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Oxygen Acetylene Dangers
Oxygen Acetylene is used every day on the job in a variety of workplaces. Different trades use these systems to perform various tasks. From Iron Workers cutting rebar, to Carpenters cutting beams for false work, oxygen acetylene needs to be used to perform these tasks. In our experience, many workers do not know the dangers of these systems. Many times during inspections by safety personnel, the systems are found to be misused or damaged and need to be taken out of service. Safety really should be a “number 1” concern with oxygen and acetylene torch set ups. If mishandled, these systems can cause violent explosions, fires, or the tanks can even fly off like a rocket with tremendous destructive power.
Oxygen Acetylene Tanks
Let’s start with the tanks. Do you even know which tank is which, or do you just turn the nobs until it works? Oxygen tanks are normally tall and skinny while acetylene tanks are normally short and fat. The tanks shall be free of damage, the valves shall be in good condition, and operate smoothly. The caps for the valves shall remain in place at all times unless the bottle is in use.
Do you know how to store oxygen and acetylene bottles? Do you know the best way to set up the bottles while they are in use? Oxygen and acetylene bottles shall be stored at least 20 feet apart at all times when not in use. They shall be stored in the upright vertical position at all times. They shall always remain tied off (preferably with chain) to prevent them from tipping with the caps on tight. When the bottles are in use they shall be separated by a 30 minute fire barrier (preferable) tied off and used in the upright vertical position at all times. Remember, these bottles are under extreme pressure at all times and explosion is always a real danger.
The regulators are also very important to the operation of oxygen acetylene systems. Have you ever looked at the gauges? Do they leak, are the gauges unclear to read, or filled with water? Sometimes the glass or cover is completely gone. These gauges tell you a lot. Check with the manufacturer and see what the max pressure should be for your gauges. Everything must match- the hoses, the torch etc. for the pressure being used. There shall be a spark arrestor (Back Flow Device) somewhere in the system to prevent a spark from being sent back through the hose. Victor gauges put the back flow device in the torch head. If the back flow device is not in the torch head, there shall be a back flow device somewhere between the gauges and the torch.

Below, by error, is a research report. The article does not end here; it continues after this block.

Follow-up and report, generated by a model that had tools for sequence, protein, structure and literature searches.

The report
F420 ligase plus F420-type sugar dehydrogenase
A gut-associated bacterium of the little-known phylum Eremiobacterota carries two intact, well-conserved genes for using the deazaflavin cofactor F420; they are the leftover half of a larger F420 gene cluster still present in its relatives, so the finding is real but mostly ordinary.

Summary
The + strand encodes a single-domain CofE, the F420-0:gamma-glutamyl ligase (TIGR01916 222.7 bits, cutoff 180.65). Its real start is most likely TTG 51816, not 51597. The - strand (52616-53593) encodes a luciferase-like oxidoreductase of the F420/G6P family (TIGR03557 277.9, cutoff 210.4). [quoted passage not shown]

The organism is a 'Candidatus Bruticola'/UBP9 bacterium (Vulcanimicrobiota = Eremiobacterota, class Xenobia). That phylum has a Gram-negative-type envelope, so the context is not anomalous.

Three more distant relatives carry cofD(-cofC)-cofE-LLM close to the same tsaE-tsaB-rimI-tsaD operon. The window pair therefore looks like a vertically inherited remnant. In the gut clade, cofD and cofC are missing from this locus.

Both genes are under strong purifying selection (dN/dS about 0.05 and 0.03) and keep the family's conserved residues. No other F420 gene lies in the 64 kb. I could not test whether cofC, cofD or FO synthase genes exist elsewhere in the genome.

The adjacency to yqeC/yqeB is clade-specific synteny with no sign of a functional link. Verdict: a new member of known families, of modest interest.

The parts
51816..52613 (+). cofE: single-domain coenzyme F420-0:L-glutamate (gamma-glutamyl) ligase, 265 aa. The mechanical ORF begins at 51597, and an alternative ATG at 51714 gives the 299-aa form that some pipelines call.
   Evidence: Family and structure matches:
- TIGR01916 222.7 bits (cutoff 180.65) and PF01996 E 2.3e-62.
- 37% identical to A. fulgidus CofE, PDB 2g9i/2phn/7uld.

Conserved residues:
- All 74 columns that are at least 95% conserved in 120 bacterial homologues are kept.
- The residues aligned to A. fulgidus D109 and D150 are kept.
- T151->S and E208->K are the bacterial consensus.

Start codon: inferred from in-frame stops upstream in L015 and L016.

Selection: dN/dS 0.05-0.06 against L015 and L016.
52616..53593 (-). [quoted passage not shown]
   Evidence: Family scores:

Oxygen Acetylene Hoses and Torches
Those hoses and the torch are a crucial part of the oxygen acetylene system. Many times the hoses are found heavily damaged. Make sure you are always inspecting the hoses before use. The hoses shall have the factory crimps on the ends with the fittings. Tie wire is not adequate for crimping. If there is any bulging in the lines, the hoses are no good and shall be taken out of service immediately. Now for the torch itself; the torch shall be in good working condition at all times. The torch gas handle shall be in original working condition. If it is held on with anything other than the factory pin, tag it out and discard the torch immediately. The torch shall be free of any damage, corrosion or rust. The torch tip shall be clear of any debris. If the tip becomes clogged, try cleaning it with tip cleaners. If it is still clogged even a little bit, replace the tip and discard the old one.
Explosion is a very real threat with oxygen acetylene systems. Always perform inspections before use. Let your manager or supervisor know of any issues with the system. Remember if you feel unsafe using the torch, do not be afraid to say something. Your life is more important than your job. Going home to your family is your number 1 goal.